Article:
The material 1275 of section 1274 outside the scoring (unnumbered) defining first removable element 1262 is scrap and can be removed separately from section 1272. The RFID transponder assembly 27 a is from a different manufacture and a different shape from those shown in the devices of
Each of the core strips 1018, 1020 comprises and, preferably consists essentially of a porous polymer sheet material that accepts printing, more specifically at least laser printing. More preferably, one or both core strips 1018, 1020 is essentially of a sheet of porous, specifically microvoided, polymer sheet material such as TeslinŽ of PPG Industries, Pittsburgh, Pa., or ArtisynŽ of Daramic, Inc., Charleston, S.C., both microvoided, polysilicate sheet materials suitable for laser printing. TeslinŽ is described in detail in U.S. Pat. No. 4,861,644, incorporated by reference herein. See also published U.S. Application No. 2001 0023014 also incorporated by reference herein. TeslinŽ is relatively very porous with a porosity of more than fifty percent. Preferably the microvoided polysilicate materials are permanently bonded together with a layer 1019 of suitable adhesive material such as WC9-PL, a heat activated, water based polyurethane adhesive of the Thornley Company of Wilmington, Del.
As an example, RFID individual printed sheet products with removable RFID tag element with electro/magnetic unique code and magnetic stripe previously described have been made using TeslinŽ microvoided, polysilicate sheet, Texas Instrument Tag-it™ HF-I miniature, rectangular transponder inlays and high coercivity magnetic stripe material of JCP Enterprises Inc. of Gardnerville, Nev. The PSA coated cover strip material may be obtained from Enterprises Tape Co. of Dalton, Ill. among others. The transponders have 64 bit, factory installed unique codes and approximately 2000 bits of rewritable data storage. The magnetic stripe material successfully used with these transponders had a nominal write coercivity of 2750 Orsteads. There was no perceived interaction or interference between the magnetic stripe material (even the high coercivity material) and the transponder assembly. Each was able to be successfully read by conventional magnetic swipe and transponder interrogation units, even with the magnetic stripe at least partially overlying the RFID assembly.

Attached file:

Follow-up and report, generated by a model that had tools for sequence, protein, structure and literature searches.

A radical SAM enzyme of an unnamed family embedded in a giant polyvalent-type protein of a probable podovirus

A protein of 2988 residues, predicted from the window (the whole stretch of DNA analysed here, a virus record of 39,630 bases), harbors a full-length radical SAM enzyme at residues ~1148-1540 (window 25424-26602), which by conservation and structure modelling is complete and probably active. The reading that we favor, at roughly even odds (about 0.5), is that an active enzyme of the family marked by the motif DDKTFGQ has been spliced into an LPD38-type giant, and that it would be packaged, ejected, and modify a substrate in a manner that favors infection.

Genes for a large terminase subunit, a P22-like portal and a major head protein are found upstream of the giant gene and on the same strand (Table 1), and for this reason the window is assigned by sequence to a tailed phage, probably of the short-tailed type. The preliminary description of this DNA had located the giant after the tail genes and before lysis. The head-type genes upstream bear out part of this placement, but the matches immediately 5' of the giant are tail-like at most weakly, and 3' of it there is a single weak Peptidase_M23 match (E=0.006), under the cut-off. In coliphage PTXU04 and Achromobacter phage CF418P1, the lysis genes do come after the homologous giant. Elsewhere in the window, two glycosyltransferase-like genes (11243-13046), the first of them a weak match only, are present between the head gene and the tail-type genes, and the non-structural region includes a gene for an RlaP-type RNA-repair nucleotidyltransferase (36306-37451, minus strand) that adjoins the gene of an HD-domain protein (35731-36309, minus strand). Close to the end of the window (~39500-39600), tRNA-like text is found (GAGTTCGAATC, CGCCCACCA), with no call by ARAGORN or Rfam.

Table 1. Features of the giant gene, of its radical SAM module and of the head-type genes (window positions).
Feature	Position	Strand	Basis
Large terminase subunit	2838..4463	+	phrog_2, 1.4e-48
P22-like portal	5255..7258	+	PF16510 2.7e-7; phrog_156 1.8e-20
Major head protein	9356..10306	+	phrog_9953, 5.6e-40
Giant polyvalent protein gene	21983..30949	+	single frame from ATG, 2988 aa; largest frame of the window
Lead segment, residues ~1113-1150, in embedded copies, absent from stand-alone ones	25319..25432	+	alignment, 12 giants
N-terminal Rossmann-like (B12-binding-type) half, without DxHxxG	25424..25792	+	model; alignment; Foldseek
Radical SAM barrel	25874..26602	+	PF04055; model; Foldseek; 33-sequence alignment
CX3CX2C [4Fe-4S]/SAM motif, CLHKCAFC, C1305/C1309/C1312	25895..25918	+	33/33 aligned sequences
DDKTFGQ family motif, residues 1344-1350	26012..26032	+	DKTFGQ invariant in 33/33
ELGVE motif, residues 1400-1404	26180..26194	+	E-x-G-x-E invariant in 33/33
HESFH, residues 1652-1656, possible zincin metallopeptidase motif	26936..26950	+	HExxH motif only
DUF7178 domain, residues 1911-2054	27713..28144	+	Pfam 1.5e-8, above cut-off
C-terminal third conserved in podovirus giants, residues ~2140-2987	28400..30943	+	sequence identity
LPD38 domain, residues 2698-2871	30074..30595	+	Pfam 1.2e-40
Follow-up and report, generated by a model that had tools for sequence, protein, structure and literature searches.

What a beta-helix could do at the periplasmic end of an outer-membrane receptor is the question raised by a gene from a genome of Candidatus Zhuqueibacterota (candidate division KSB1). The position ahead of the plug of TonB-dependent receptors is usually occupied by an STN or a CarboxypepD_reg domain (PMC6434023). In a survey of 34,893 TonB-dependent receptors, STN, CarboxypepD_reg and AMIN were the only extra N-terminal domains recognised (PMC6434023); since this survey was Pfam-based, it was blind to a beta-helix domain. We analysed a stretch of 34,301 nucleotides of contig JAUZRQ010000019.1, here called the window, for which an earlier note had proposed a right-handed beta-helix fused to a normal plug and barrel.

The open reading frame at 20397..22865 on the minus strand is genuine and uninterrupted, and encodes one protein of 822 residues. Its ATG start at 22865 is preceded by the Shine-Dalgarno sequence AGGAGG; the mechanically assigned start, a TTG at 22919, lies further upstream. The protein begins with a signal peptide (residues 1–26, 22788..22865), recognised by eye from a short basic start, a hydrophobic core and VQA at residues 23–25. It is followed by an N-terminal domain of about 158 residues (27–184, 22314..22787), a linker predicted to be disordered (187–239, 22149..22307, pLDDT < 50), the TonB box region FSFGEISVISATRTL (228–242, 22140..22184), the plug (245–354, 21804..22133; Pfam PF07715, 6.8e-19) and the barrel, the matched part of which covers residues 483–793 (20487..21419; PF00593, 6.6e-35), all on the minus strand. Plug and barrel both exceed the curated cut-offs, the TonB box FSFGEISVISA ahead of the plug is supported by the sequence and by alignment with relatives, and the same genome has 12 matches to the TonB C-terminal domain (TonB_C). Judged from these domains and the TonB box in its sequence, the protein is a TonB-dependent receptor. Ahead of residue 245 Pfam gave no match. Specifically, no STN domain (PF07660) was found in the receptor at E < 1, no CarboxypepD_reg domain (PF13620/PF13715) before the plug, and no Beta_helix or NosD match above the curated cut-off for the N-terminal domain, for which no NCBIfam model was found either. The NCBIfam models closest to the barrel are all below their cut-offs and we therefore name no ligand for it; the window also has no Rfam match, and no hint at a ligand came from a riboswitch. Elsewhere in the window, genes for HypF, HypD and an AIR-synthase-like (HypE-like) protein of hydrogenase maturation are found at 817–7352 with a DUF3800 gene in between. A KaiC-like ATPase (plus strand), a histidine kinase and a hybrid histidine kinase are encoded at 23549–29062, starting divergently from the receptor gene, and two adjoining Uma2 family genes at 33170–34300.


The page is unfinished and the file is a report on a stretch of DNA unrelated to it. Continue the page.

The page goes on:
The magnetic strip data storage element 128 can be of a conventionally low coercivity for writing purposes, such as about three hundred Oersted as is found on most conventional debit and credit cards, or a high write coercivity of more than one thousand Oersted, preferably more than two thousand and more preferably between about twenty-seven hundred and four thousand Oersted. Low or high coercivity magnetic strip may be obtained from various manufacturers including Green Corp Magnetics, Inc. having a business location in Havertown, Pa. or JCP Enterprises, Inc. having a business address of Gardenerville, Nev. JCP can further provide a transparent polyester cover strip with an integral low or high coercivity magnetic strip with a polyester adhesive coating on one side that can be applied directly to a core and bonded to a core by heat and pressure. Other bonding systems/steps can be used. The magnetic strip is located on the inner side of the polyester material which is only about twenty-five microns in thickness. The higher coercivity costs slightly more to provide but strongly resists demagnetization including inadvertent demagnetization by security devices commonly found in retail stores used to erase data on magnetic security devices adhered to products being sold.